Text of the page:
Two Tales of Sam Walton and the Hula

By Alan Dranow

When most people think “Hula,” their thoughts go to one of two places: a luau on a tropical island or a hip-swiveling, popular toy in the fifties.  Apparently, the hula was popular with Sam Walton on both fronts.

 

Tale One: The Hula Hoop Craze

His first association with the hula came when Sam saw the Hula Hoop craze taking hold back in the five-and-dime days. Customer-focused merchant that he was, he wanted to make sure he had hula hoops available for his customers when they came looking for them. Unfortunately, the Hula Hoops were mostly earmarked for the big-city stores, and were hard to get – and pricey.  

Enter Jim Dodson

Okay, so even if Jim Dodson didn’t want to sell Sam his store in Siloam Springs, (causing Sam to open his first Walton’s 5 &10 in Bentonville), he still had some great ideas. And Sam took to the one Jim shared with Sam one day: go in together, 50-50, and make their own Hula Hoops. Dodson knew where to get the plastic tubing and even had some attic space where they could make them.  And so make them they did, and Sam kept many a customer happy with his homemade Hula Hoops.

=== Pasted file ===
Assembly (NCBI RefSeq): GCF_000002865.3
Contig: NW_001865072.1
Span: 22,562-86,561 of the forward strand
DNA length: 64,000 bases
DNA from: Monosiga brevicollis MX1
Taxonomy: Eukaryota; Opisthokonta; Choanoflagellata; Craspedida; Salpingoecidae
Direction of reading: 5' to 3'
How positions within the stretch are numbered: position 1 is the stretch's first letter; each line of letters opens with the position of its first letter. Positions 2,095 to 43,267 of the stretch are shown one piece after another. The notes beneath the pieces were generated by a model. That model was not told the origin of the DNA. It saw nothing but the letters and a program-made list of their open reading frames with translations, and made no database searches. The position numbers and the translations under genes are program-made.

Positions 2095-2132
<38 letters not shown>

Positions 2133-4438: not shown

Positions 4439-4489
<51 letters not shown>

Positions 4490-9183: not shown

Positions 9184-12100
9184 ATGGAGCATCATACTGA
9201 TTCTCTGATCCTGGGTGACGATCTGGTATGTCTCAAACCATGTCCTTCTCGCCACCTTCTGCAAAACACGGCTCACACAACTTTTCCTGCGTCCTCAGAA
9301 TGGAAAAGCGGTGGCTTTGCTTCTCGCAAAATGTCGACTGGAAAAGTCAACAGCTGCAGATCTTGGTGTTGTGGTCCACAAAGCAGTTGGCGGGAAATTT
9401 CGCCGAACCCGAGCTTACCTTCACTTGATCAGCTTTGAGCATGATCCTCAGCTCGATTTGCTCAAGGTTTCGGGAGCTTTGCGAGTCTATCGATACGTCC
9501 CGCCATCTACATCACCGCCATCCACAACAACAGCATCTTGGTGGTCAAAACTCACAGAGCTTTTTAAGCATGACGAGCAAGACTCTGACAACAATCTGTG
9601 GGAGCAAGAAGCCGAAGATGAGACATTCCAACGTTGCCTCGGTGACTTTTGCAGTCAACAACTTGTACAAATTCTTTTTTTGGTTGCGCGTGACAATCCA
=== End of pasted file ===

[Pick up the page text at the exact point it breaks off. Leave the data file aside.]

Jim later went on to manage the Walmart store up in Columbia, Missouri, for about 15 years.

 

Tale Two: The Hula on Wall Street

In March of 1984, Sam Walton made good on a promise to “do the hula on WallStreet.”  Despite the company’s growth, strength, and the traditional Walmart optimism, Sam saw reaching an 8% pretax profit as unattainable. Then-CFO David Glass saw it differently, and bet Sam that the company would indeed beat the 8% and Sam would indeed do the hula on Wall Street.


“It’s part of our culture”

While Sam thought he’d get away with slipping into New York to quietly do a hula in the shadow of the stock exchange, Glass hired “a truckload of real hula dancers and ukulele players.” Even more to Sam’s surprise was that his CFO had alerted the newspapers and TV networks. 

While Sam may have found it a touch embarrassing, it showed his commitment to the 6th rule of his 10 Rules for Building aSuccessful Business:  Celebrate your successes.  And as Sam pointed out, “Don’t take yourself so seriously. Loosen up and everybody around you will loosen up.” And so they did.

 

This post originally appeared on the Walmart Corporate blog, Walmart Today


Meet The Author
Alan Dranow Senior Director for the Walmart Heritage Group

His favorite artifact is one that is a tangible and iconic symbol of the truly humble man that was Sam Walton – his red Ford pickup truck.